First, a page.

A racist group in Florida has admitted that accused high school shooter Nikolas Cruz had attended training events. The Anti-Defamation League released information on February 15, the day after 17 people were killed in a shooting at Stoneman High School in Parkland, Florida, that said Cruz was linked to a group known as the Republic of Florida. The group adheres to typical racist and neo-Nazi philosophy such as allegiance to white-European descendant Americans and opposing mixed race and gay marriage.
The Tallahassee Democrat later reported that authorities in the area where ROF is based couldn’t find any link between Cruz and the group.
Cruz, a former student at Marjory Stoneman High School, is charged with 17 counts of premeditated murder. On the day of the shooting, a thread appeared on the controversial forum 4Chan saying that Cruz was a member of the Republic of Florida. The original 4Chan poster said that Republic of Florida members were saying their only surprise was that the target hadn’t been a government building.
During the writing of this article, the group’s YouTube channel was deleted.
Here’s what you need to know about the Republic of Florida:
1. The Republic of Florida’s Leader Says Nikolas Cruz ‘Used Our Training to Do What He Did Yesterday’
The man purported by many to be the leader of the Republic of Florida, Jordan Jereb, told the ADL that Cruz was brought to the group by another member. Jereb added that Cruz had carpooled with other southern Florida members to attend events in Tallahassee. The leader stressed to the ADL that no orders were ever given regarding a school shooting. Speaking to the Daily Beast, Jereb said that Cruz “was part of our organization” and that “He probably used that training to do what he did yesterday. Nobody I know told him to do that, he just freaked out.” Jereb said that someone in the group bought Cruz a gun. Jereb said, “I think somebody bought him a Mosin-Nagant, but that’s bolt action. He had a semi-automatic in the school. He may have buried it in his survival cache. We encourage members to do that.”
In a separate interview with the Associated Press, Jereb described his group as not willing to “participate in the modern world.” Jereb said that he didn’t know Cruz and that the suspect “acted on his own behalf of what he just did and he’s solely responsible for what he just did.” The white supremacist then alluded to Cruz possibly having trouble with a girl and suggesting that the Valentine’s Day timing of the shooting wasn’t a coincidence.
2. The Group First Came to National Attention in 2015 After they Protested the Burning of a Confederate Flag
The Souther Poverty Law Center’s information article on the Republic of Florida cites an incident in April 2015 which thrust them in to the national spotlight. The group protested, along with the League of the South, a confederate flag burning by student protesters from Florida State University. The incident occurred at the Old Capitol Building in Tallahassee. The ROF’s counter to the protest was to burn a Soviet flag. In the comments section of that article, a commenter named Jordan Jereb wrote, “Screw mainstream America. I only need 1% of the population to accomplish MY goals.”
The group’s website leads with a quote from white supremacist David Lane that reads, “That race whose males will not fight to death to keep and mate with their females will perish.” The sections on the website include references on how to join, how to start your own cell as well as article such as “Signs of a sick and dying nation” and “Alpha Males Vs. Beta Males.”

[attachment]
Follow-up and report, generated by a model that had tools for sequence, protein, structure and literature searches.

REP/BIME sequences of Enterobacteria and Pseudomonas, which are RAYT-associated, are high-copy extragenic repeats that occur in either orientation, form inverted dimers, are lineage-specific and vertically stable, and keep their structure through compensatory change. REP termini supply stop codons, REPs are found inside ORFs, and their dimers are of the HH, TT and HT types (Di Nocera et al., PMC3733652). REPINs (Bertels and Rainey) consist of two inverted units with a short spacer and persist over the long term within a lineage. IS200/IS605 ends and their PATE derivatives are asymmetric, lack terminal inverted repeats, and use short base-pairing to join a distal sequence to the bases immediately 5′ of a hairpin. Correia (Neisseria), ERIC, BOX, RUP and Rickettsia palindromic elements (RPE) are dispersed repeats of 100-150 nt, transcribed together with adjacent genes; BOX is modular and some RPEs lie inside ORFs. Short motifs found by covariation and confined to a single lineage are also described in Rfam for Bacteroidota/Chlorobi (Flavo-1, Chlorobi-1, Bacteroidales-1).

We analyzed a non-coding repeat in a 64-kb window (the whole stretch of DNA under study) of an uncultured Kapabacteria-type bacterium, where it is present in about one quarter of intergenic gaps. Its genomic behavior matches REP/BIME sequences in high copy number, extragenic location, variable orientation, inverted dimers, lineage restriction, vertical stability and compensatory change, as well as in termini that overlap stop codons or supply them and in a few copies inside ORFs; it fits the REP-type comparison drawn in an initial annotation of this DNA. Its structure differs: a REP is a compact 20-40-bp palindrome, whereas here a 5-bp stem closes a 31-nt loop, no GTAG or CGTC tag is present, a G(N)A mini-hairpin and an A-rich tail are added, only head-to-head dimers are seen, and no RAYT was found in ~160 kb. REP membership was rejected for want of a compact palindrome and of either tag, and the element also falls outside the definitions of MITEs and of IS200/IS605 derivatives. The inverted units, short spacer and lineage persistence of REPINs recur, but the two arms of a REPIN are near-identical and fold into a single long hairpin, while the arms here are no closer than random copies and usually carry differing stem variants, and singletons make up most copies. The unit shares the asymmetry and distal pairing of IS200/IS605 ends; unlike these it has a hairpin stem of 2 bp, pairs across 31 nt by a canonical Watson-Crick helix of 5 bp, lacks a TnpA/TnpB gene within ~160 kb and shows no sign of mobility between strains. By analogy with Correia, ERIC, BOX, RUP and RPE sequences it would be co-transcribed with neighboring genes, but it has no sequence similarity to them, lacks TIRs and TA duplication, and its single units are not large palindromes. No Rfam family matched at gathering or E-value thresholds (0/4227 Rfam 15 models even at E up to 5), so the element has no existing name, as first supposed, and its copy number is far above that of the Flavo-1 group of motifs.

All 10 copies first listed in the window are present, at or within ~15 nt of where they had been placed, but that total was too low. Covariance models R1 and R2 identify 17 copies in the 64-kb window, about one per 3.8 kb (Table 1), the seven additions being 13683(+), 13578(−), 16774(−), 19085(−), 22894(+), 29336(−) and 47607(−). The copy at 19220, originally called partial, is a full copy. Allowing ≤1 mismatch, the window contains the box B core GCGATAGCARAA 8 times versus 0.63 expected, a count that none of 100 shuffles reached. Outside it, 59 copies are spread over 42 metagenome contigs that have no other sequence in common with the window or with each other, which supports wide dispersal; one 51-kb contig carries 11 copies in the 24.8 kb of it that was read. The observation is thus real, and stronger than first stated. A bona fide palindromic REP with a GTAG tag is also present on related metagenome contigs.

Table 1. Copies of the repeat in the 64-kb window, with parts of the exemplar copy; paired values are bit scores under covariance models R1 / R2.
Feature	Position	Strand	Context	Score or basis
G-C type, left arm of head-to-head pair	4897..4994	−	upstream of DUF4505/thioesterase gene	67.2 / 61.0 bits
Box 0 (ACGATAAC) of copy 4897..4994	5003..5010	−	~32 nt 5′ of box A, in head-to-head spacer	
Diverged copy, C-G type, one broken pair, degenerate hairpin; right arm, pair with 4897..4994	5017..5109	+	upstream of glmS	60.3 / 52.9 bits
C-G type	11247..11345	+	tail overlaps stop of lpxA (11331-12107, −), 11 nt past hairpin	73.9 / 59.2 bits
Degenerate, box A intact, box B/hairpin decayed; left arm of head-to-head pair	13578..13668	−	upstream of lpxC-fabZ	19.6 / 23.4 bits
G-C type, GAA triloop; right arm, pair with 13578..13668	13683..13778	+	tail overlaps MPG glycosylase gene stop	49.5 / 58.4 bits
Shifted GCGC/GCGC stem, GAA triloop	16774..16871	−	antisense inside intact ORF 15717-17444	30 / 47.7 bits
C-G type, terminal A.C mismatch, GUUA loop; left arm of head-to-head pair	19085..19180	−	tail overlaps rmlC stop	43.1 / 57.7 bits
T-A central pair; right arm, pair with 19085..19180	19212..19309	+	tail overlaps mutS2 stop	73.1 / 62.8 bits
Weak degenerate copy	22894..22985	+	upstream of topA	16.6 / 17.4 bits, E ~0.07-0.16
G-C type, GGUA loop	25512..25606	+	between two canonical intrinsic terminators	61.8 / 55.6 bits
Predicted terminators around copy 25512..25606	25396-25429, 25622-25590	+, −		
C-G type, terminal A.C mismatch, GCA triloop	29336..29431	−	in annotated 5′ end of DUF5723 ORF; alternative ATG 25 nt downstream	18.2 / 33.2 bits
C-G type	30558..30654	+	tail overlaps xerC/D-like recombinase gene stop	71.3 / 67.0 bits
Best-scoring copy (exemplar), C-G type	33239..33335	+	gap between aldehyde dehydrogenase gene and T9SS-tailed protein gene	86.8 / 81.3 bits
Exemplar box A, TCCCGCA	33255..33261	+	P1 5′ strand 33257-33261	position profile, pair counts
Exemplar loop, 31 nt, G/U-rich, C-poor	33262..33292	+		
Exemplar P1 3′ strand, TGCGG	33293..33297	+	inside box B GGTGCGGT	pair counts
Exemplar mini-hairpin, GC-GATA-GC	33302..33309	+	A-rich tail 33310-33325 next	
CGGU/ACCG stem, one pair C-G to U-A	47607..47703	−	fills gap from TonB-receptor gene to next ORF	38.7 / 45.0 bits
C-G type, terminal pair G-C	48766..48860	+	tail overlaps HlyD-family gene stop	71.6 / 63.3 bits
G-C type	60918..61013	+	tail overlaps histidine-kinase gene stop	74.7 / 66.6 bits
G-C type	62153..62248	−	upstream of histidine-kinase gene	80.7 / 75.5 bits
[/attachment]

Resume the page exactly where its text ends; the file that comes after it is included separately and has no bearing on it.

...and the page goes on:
3. The Republic of Florida Enjoyed a ‘Resurgence’ in 2017
WTXL reported in the summer of 2017 that the Republic of Florida was in a period of “resurgence” in Tallahassee. The group first made an appearance on the Southern Poverty Law Center’s “hatewatch” in 2015. A Tallahassee resident, Jay Godin, who says he was a victim of ROF told WTXL, “I really feel like they’re not any different from a terrorist group in the Middle East or anywhere else — or even just like a gang.” Godin says that he had been repeatedly threatened by the group on social media.
4. Jordan Jereb Was Accused in 2016 of Trying to Extort Money from a Top Staffer in Governor Rick Scott’s Administration
The Tallahassee Democrat reported in May 2016 that Jereb had been arrested over a $60 debt. Jereb had apparently threatened a “high-ranking member of Gov. Rick Scott’s office.” Jereb was accused of trying to extort money from Stuart Pollins, a policy coordinator. The white supremacist said that Jereb claimed Pollins’ son owed money. In one voicemail that Jereb was accused of leaving on Pollins’ phone, he said, “You don’t mess with me and you don’t mess with the R.O.F.” Another message asked Pollins to “use his imagination” as to what would happen if the debt wasn’t repaid.
5. This Is the Second School Shooting in 2 Months With Links to Far-Right Politics
In December 2017, William Atchison killed two students before turning the gun on himself at Aztec High School in Aztec, New Mexico. Atchison was a regular poster on racist website The Daily Stormer where he went by the monikers, “Future Mass Shooter” and “Adam Lanza.” Atchison had been interviewed by the FBI in 2016 about his online activities, such as asking where he could buy assault rifles for a mass shooting. Atchison evaded investigators by saying he was merely “trolling.” A Daily Beast feature on Atchison referred to him as living “a prolific life as a white supremacist, pro-Trump meme peddler who was most known for his obsession with school shooters.”
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